Absurdity, Absurdity, and Absurdity

Dave Ball, currently pursuing a practice-based PhD at Winchester School of Art, presented ‘Absurdity, Absurdity, and Absurdity‘ as part of Conversas series at Schillerpalais, Berlin, 29 Nov 2017. The following are his reflections on the event.

 is a regular series of thematically diverse talks held with the aim of creating discussion and dialogue, where audience members are encouraged to interrupt and ask questions, and presenters are warned against preparing “too tightly”. I decided, therefore, not to give a conventionally coherent presentation of my work or my PhD research, but instead treat the event as a public testing-ground for some of the more speculative elements emerging out of my research into absurdity.

The plan was to present a series of examples of what I’d identified as eight variants of absurdity observable in works of contemporary art. Since those categorisations were, to a degree, based on my own intuitive assertions about what would or wouldn’t constitute “absurdity”, I was very keen to test them out publicly.

The talk began with a short screening of one of my own video works, which was greeted appreciatively, followed by a brief introduction to my research. As soon as the presentation turned to the work of other artists, however, the atmosphere in the room became unexpectedly heated. In fact, the very first slide shown (a photo by Thomas Ruff of a man inelegantly attempting a handstand on a leather chair, legs flailing in the air) received an immediate rebuttal that “Why shouldn’t we do handstands on chairs? Why is that absurd? That’s so conservative!”

In fact, almost every slide I showed initiated some tirade or other on what various audience members seemed to consider an affront to their intelligence, their outlook on life, or at least their conception of art. My gentle conceptual enquiry into whether or not the works could be considered absurd was frequently met with an impassioned and resounding “no!” Whist some of these protestations could easily be dealt with through reasoned argumentation or clarification of concepts, others unearthed genuinely fertile grounds for further investigation. But what took me completely by surprise was the level of passion, conviction, and emotion with which the audience responded to the topic. Absurdity, as was repeatedly made clear, really matters – and not just to this particular PhD researcher…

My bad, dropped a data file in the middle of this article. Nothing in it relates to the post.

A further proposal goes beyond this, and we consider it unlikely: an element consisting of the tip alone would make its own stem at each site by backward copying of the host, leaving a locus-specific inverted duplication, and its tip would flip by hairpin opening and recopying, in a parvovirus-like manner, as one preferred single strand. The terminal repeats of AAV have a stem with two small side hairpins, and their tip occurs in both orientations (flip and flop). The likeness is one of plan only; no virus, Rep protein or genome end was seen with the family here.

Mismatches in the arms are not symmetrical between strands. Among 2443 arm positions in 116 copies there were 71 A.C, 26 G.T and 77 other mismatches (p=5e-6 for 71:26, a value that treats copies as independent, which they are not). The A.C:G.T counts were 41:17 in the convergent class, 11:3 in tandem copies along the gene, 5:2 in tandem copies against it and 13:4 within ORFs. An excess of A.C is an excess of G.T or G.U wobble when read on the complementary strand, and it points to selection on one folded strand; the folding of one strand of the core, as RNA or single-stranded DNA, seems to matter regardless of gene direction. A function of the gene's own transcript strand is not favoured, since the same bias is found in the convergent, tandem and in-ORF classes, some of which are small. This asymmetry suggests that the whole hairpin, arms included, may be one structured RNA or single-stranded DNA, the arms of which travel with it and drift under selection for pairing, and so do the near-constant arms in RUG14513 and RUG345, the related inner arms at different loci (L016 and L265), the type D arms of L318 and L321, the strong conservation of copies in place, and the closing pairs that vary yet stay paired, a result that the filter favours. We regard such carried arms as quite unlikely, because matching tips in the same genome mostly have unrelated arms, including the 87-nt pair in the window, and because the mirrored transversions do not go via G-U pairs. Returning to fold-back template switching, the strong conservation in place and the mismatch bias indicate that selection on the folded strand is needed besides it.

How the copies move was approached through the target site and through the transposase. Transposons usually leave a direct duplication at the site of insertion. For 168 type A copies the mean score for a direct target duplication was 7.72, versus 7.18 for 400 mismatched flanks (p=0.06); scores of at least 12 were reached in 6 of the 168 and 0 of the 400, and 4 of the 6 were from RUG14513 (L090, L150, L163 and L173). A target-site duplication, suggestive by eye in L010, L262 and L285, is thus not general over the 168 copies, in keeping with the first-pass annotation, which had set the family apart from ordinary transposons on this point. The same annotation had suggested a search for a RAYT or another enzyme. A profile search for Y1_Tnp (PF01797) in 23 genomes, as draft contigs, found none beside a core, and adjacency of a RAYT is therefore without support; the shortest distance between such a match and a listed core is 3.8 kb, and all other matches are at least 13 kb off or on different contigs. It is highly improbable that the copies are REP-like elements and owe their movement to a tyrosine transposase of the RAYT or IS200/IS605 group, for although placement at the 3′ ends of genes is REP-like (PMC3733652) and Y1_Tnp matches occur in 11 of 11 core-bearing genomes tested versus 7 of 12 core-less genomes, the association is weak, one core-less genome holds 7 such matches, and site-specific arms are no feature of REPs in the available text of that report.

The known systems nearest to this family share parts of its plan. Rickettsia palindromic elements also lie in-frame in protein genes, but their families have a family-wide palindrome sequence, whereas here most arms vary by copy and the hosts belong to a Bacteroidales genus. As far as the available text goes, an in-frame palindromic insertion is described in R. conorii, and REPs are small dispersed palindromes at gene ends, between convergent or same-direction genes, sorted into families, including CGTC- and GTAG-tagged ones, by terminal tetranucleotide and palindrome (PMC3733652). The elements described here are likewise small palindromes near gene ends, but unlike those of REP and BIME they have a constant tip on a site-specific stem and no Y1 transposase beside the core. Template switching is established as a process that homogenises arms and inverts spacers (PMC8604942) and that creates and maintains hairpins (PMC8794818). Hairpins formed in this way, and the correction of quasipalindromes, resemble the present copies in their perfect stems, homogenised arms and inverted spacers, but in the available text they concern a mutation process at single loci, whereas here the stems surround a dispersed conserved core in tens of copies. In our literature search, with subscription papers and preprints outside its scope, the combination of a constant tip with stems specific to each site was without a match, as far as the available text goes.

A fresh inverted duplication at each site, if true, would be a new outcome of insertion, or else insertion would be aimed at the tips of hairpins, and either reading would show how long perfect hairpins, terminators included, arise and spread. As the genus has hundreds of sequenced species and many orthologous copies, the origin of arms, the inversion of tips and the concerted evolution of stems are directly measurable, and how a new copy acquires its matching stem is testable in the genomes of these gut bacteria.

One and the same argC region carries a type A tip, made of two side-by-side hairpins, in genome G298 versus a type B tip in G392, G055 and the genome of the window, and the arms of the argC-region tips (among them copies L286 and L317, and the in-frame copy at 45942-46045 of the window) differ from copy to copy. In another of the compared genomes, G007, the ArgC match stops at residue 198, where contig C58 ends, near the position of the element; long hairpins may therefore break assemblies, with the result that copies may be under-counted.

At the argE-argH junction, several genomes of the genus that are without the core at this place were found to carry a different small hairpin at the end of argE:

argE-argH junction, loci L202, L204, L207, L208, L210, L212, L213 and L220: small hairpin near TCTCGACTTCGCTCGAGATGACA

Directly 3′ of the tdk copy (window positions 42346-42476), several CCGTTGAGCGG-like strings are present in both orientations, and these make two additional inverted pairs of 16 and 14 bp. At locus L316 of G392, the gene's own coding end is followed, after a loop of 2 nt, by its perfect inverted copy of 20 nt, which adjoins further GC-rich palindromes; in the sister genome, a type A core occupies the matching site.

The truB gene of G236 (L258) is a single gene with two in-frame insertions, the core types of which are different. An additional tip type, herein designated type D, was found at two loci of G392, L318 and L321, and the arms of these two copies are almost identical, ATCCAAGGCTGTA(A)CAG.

Practices of Research


Image-Text-Object: Practices of Research
10 February – 16 March 2014
L4 Gallery, Southampton
Download Artists’ Statements [PDF]

The exhibition, Image-Text-Object: Practices of Research, was held at the L4 Gallery space in Hartley Library (University of Southampton). The exhibition presented the work of 16 PhD students and two members of staff from Winchester School of Art (WSA). Taken together the works offered a series of images, texts and objects, helping to think about different ways of seeing, thinking, writing and making. The School is dedicated to the exploration of diverse practices and creative research methods. Studio-based researchers in art and design work alongside those engaged in humanities and social science research, covering areas of art history, critical theory and curatorial practice, as well as the management and marketing of advertising, design, media, fashion, textiles and luxury branding. All researchers at the School are engaged in the critical making of new knowledge: each moving in and out of complex and disciplined modes of activity. Whether it is reading, writing, looking, making, coding, speaking, recording, and much else besides, each are forms of imaginative and critical engagement, developed and extended within the context of a collaborative and inter-disciplinary research community.